The public receives an update on the irrigation canal tunnel collapse

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SCOTTSBLUFF, Neb. - (KNEP) - The Gering-Fort Laramie Irrigation District held a public meeting Wednesday to update everyone on the efforts to get water back on after a tunnel collapse last week.

A public meeting was held in Scottsbluff to discuss the tunnel collapse (Source KNEP)

General Manager of the Irrigation District Rick Preston stated the canal breach occurred just before 3 am on July 17th. Because of the collapse a dam formed and washed out 1,300 feet of bank. They are not sure exactly what caused the collapse but speculate the temper was rotting and water worked its way in causing a void. With that void, the upper soils couldn’t carry itself and it released with such force that it pushed the top of the tunnel in.

Since the breach, they have been working on solutions to try to get the canal back up and running. Preston added they looked at a permanent solution with the help of tunnel experts from St. Louis, Missouri. The two boards thought this solution was the best and would have cost about $7 million. The crew out of Missouri began building 10.5 foot diameter joints but stopped production after building five of them because they weren’t big enough.

The two boards went back to the drawing board and have since devised a temporary solution. This solution will include building shoring and extracting material while pumping in grout to ensure there are no other voids. The estimated cost of this temporary fix is between 3 and 3.5 million dollars. In a perfect world, Preston said the project would be complete in 21 days.

To factor in how this could potentially effect crops, an expert with the extension center stated he made some calculations based on an assumption there would be no water or rainfall. The sugar beet crop wouldn’t be as bad but corn and beans are a different story. With no water on July 22nd, depletion of water at 20% there would be no crop loss. By the 29th depletion would increase to 55% with crop loss around 20%. But, two weeks after that and the crop will have no water in the soil and farmers would be looking at 85-90% of their crop a loss.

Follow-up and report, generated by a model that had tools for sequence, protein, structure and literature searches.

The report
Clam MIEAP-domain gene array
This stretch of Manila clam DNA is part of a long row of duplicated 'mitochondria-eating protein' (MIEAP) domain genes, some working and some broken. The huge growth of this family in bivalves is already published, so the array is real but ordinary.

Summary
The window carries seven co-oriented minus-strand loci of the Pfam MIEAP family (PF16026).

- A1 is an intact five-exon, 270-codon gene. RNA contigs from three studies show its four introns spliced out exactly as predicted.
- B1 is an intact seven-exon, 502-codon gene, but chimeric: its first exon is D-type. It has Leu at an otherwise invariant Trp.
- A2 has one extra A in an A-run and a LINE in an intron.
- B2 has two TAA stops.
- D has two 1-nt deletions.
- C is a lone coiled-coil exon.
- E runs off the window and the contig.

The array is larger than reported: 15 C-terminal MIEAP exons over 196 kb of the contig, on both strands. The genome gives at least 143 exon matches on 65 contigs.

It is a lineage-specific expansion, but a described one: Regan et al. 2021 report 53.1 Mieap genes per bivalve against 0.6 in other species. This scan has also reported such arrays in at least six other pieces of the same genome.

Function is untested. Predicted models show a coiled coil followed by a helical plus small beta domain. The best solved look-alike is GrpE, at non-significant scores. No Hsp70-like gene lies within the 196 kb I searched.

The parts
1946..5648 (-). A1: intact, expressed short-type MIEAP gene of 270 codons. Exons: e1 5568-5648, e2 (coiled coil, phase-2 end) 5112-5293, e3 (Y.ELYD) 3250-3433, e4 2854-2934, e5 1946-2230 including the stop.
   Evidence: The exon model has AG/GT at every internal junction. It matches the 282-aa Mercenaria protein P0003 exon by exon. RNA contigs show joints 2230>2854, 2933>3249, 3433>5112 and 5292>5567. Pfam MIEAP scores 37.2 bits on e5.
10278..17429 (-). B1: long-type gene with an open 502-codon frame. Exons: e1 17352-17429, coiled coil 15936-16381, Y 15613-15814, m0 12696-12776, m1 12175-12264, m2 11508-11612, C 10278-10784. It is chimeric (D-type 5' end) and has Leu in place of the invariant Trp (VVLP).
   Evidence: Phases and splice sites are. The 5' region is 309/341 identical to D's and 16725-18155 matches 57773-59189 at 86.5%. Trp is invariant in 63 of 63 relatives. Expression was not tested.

Beans tell a similar story. On July 22nd, water depletion was at 2% with zero crop loss. By the 29th it would be 40% depleted with farmers losing 30% of the crop. By August 5th, 80% of the water would be depleted and 60-70% of the crop would be a loss. These are all calculations on assumptions made by the extension center.

During the public meeting, a question was raised about crop insurance, a representative from Risk Management Agency stated failure of irrigation system is covered but it has to be proven that it was caused by a natural occurrence. As of right now, they are not sure what caused the tunnel collapse.

On Wednesday, Goshen County and the State of Wyoming declared a state of emergency. Scotts Bluff County has put in the paperwork to do so as well and Nebraska Governor Pete Ricketts is expected to sign a declaration later in the day. This will allow for states and counties to potentially get funding for the rebuilding of the canal. The state does have a water sustainability fund in which Nebraska would fund 60% and the local irrigation district would fund the other 40%. Preston noted banks are committing to financial support and is talking regularly to lawmakers on how to find funding for the repairs.

As of right now, there are a lot of factors in play including laws that need to be adhered to. Preston understands the stress is there and hope the public understands they are doing everything they can to get water back through the canal as soon as possible.

Steve Pitts, a farmer in Scotts Bluff County, said he just started to get irrigation going before this happened. He added it was a stressful spring and is hopeful they can get water back into the system by next month. Pitts understands the irrigation districts are doing all they can but the information provided today to him was pretty vague. A former member of the Gering-Fort Laramie Irrigation District board, Pitts knows the system needs to be updated and also knows funding is tough to come by. He is hoping this will wake people up and show that funding needs to come from government entities and not just farmers.